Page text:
In-office meditation rooms, rock walls and nap pods are all cool, but there’s so much more to creating a winning company culture than providing gravy perks like these.
To us, company culture is more of a positive collective state of mind, a shared organisational outlook that brings out the best in your employees, reinforces your mission and rocks your common goals. It’s also the attitude, personality and heart and soul of a business. It values people over product.
If your company culture is a soul-sucking drag – or, worse, outright toxic – chances are it’s not too late to turn it around, especially if you’re in a position to catalyse change. Even if only in your corner of cubicle land.
One of the first steps you can take is to examine the top notch cultures of some of today’s most successful companies. And, when you’re feeling brave, gently nudge the powers that be at your business to explore and hopefully emulate them, too.
Take Pixar, for example. The phenomenally successful digital animation studio is built upon a culture of exceptional creativity, innovation and imagination, but its secret sauce really lies in truly, deeply caring for employees and their well being, something it didn’t always do.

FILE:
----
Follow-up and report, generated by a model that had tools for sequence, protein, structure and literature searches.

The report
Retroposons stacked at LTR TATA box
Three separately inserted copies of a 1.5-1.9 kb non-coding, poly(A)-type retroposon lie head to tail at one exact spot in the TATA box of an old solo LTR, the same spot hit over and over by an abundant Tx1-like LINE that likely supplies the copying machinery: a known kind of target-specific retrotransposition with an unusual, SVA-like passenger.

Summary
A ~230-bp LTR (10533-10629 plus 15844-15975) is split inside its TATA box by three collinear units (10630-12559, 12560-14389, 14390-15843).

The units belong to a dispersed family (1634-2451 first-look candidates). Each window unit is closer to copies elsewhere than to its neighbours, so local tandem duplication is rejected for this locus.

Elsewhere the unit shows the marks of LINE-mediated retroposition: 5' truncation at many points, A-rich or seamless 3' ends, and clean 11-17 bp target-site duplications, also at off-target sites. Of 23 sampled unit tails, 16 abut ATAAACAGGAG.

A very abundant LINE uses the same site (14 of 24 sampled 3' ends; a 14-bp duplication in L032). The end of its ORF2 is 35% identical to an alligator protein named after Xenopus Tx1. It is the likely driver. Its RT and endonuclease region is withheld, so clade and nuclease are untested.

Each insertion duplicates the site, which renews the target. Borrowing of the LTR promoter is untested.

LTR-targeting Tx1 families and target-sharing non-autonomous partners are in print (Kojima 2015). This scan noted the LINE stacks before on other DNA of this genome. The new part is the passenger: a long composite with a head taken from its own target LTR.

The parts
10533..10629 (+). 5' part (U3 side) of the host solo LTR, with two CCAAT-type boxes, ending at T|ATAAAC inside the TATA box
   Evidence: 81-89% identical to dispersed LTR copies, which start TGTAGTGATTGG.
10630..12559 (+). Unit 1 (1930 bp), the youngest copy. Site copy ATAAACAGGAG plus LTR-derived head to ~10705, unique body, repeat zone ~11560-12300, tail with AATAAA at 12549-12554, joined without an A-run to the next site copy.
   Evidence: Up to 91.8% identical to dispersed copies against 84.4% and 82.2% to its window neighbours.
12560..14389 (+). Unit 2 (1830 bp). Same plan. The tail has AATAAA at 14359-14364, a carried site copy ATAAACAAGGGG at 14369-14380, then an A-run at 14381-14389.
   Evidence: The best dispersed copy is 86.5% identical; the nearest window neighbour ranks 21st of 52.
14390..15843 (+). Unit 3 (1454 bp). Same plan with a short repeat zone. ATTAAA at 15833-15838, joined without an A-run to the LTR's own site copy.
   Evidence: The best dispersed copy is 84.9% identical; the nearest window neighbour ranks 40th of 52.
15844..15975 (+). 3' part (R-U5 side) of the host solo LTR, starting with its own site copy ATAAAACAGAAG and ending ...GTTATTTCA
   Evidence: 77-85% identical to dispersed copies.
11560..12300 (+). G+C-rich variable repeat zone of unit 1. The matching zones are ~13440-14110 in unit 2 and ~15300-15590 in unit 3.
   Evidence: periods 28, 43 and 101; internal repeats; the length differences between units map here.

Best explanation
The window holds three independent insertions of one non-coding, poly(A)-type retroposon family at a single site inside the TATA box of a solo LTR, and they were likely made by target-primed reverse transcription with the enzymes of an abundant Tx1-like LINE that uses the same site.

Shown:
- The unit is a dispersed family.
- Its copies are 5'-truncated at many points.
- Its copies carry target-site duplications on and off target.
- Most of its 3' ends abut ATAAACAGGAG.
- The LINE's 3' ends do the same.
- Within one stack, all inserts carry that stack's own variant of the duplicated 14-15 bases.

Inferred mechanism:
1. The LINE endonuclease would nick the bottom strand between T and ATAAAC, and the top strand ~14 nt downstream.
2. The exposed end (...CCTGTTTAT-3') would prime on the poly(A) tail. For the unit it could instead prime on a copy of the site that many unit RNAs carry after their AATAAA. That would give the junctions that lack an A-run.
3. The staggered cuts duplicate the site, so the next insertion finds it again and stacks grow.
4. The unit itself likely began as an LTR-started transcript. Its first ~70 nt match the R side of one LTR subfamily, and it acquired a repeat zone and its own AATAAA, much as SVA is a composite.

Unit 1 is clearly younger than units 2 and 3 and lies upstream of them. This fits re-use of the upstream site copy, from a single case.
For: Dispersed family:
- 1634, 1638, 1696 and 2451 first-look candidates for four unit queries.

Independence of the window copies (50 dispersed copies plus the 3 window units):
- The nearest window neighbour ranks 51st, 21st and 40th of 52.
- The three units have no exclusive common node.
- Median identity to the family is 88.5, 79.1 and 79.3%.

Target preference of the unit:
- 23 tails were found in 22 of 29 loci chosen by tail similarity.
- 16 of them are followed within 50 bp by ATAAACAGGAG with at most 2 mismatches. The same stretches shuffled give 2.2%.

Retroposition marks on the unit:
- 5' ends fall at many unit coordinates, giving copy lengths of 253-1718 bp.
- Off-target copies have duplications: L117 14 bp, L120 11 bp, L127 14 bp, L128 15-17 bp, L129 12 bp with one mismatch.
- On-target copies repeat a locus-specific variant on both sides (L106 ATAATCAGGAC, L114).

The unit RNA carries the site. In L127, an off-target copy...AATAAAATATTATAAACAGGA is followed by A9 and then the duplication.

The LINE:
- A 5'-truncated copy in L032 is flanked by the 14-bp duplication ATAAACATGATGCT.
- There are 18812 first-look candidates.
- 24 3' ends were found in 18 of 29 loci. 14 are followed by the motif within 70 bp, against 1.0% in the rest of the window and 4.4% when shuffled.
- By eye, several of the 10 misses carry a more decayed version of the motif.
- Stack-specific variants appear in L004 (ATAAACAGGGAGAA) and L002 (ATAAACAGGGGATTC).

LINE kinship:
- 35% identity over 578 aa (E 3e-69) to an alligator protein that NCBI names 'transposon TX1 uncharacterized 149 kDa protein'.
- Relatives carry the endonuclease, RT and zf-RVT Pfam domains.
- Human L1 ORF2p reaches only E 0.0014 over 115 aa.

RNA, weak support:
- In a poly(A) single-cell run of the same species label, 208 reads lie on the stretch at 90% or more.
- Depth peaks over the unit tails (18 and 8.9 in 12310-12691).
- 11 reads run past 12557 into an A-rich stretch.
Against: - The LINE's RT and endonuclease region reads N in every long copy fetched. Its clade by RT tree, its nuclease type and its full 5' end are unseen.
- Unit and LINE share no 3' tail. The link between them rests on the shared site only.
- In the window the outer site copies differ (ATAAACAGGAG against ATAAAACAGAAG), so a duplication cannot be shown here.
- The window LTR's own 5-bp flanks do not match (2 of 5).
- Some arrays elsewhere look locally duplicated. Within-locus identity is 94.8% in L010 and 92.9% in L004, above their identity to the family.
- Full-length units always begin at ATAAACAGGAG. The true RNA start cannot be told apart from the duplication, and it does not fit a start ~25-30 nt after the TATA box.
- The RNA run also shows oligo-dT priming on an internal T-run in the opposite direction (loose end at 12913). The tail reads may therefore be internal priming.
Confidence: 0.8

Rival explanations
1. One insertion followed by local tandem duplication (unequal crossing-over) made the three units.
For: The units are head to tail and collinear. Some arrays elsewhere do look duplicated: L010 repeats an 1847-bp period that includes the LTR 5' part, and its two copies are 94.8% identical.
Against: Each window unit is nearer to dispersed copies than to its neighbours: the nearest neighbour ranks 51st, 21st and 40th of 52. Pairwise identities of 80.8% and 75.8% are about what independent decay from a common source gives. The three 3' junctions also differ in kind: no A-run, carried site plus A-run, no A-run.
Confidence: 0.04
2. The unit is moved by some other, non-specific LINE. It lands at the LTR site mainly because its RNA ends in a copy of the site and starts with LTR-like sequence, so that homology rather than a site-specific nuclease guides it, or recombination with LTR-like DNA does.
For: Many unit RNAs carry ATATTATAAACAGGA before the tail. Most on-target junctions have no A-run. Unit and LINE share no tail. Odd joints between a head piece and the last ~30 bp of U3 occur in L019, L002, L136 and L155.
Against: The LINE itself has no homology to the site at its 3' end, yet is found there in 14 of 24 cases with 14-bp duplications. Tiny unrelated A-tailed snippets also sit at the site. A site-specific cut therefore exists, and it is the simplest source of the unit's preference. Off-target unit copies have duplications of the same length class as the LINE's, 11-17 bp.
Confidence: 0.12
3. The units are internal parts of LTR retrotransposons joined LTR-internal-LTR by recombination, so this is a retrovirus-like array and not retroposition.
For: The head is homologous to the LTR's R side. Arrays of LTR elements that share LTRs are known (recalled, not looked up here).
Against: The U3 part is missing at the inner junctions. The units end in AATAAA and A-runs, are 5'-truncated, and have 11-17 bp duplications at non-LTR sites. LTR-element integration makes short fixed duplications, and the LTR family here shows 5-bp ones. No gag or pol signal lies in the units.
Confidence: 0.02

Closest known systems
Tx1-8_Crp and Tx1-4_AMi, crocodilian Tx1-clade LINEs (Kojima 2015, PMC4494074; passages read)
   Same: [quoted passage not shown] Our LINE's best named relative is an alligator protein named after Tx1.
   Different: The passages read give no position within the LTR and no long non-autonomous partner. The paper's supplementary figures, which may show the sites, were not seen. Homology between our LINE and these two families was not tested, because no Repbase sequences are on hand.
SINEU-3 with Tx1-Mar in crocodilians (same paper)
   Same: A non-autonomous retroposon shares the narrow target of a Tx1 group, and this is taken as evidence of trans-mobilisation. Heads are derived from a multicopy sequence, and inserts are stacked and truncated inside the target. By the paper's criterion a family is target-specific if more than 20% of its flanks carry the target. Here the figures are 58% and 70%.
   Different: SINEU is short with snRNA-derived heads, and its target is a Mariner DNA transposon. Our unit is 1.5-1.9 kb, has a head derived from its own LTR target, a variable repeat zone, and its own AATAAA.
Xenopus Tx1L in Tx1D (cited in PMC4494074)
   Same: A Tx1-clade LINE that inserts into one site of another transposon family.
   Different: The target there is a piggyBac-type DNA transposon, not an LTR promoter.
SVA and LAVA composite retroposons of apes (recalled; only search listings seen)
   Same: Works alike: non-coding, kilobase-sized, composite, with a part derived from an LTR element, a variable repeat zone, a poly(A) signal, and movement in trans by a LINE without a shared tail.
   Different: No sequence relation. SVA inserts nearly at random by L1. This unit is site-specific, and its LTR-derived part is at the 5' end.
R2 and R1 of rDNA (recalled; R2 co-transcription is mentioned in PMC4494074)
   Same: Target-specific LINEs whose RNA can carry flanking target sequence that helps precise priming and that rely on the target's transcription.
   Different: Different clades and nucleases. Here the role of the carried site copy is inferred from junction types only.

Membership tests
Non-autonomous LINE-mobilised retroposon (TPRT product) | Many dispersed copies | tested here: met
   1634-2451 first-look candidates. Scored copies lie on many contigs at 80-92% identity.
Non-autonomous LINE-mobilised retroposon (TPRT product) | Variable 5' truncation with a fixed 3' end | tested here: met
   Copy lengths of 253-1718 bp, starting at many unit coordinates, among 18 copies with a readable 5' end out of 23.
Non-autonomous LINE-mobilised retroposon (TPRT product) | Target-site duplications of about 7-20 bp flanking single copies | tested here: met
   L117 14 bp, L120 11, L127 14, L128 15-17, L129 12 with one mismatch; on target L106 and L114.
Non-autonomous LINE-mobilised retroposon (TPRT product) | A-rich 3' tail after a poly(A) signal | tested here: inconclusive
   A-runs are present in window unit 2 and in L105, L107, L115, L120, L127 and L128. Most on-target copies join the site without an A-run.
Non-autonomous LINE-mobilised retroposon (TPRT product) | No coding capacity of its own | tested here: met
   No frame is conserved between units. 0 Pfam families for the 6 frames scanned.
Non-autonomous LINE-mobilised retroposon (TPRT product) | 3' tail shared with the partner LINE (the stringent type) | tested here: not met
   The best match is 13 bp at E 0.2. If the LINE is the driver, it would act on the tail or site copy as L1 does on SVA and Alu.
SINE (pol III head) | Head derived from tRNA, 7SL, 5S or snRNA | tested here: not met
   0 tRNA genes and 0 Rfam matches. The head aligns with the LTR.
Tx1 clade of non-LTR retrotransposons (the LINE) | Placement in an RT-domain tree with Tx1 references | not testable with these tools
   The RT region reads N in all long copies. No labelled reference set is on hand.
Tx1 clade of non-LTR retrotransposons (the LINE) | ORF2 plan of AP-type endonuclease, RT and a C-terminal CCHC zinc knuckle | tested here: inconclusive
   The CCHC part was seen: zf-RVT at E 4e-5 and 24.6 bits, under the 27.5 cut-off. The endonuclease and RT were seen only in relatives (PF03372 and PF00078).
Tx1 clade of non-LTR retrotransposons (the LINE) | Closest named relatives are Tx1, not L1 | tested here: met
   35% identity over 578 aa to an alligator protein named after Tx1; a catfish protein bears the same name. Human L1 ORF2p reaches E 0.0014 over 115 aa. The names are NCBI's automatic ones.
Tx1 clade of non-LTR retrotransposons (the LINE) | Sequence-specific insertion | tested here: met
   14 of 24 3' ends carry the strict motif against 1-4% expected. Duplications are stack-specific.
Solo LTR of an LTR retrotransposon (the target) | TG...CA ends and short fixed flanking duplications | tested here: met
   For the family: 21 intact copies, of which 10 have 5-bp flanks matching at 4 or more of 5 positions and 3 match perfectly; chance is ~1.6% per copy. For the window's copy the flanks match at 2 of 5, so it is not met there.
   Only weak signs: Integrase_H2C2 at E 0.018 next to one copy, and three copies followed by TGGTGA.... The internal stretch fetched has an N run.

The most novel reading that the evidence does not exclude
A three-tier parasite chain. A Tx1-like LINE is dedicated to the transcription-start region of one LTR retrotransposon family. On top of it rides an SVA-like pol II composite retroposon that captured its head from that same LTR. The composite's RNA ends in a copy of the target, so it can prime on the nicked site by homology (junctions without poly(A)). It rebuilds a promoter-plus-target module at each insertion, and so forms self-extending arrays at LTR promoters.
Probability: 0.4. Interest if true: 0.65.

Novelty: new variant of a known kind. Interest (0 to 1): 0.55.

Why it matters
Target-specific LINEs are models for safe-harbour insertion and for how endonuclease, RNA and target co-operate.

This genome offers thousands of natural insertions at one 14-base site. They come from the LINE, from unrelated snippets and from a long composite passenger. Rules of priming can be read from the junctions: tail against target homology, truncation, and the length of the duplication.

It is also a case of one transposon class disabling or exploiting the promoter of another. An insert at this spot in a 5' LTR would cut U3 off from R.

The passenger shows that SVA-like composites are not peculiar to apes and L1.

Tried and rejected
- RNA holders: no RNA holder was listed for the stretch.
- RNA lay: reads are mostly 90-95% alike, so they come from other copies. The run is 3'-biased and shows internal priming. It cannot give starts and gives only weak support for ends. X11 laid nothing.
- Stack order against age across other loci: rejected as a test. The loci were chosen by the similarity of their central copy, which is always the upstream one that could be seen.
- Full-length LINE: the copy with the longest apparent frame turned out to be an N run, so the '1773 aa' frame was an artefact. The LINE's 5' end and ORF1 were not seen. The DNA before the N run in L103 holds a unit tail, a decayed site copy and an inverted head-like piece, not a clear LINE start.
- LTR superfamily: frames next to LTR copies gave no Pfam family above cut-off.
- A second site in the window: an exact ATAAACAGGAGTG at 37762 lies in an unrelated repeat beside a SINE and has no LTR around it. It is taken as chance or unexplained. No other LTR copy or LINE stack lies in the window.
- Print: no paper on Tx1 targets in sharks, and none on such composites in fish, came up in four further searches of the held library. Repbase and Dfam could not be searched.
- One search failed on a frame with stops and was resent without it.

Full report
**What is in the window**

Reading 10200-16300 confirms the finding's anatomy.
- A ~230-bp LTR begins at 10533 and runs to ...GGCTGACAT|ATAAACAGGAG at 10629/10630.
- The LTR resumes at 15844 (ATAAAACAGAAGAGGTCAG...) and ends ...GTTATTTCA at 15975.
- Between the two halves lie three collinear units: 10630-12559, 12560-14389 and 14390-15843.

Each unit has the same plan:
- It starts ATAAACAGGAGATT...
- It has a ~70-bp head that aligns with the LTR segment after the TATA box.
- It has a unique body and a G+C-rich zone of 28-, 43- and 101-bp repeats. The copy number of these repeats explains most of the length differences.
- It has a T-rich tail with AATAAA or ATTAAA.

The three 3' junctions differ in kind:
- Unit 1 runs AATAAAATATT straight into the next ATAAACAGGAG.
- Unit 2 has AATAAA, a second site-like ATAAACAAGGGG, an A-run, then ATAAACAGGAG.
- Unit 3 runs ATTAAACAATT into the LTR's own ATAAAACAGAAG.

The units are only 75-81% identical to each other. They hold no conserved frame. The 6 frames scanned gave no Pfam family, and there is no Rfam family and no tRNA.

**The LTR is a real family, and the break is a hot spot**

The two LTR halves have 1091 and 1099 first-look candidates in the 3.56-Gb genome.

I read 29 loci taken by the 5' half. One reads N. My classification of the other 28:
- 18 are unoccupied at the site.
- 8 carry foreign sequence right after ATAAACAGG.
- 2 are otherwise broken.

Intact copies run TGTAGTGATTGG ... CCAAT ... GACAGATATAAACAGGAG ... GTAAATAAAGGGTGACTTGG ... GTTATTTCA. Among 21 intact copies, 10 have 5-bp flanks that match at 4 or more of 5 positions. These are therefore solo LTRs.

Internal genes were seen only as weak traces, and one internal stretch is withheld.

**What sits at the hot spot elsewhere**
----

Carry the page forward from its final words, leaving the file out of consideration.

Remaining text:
In his book Creativity, Inc.: Overcoming the Unseen Forces That Stand in the Way of True Inspiration (Random House, 2014), Pixar president Ed Catmull describes a terrifying crisis that forever altered the company’s once notoriously workaholic corporate culture.
When the company was hustling to complete Toy Story 2 on time, an overtired employee forgot his child inside of a sweltering car instead of bringing him to daycare (the infant fell unconscious but later recovered). It was a wake-up call. From that point on, Catmull dedicated himself to encouraging a company culture that puts employee health and happiness first, movie deadlines second.
For more on how Pixar – and Google and Patagonia – foster company cultures that embrace balance, fun and freedom, all while still pushing productivity, check out the infographic from HumanResourcesMBA.net below. We won’t tell if you print it and put it up in the staff nap room.
This article was originally posted here on Entrepreneur.com.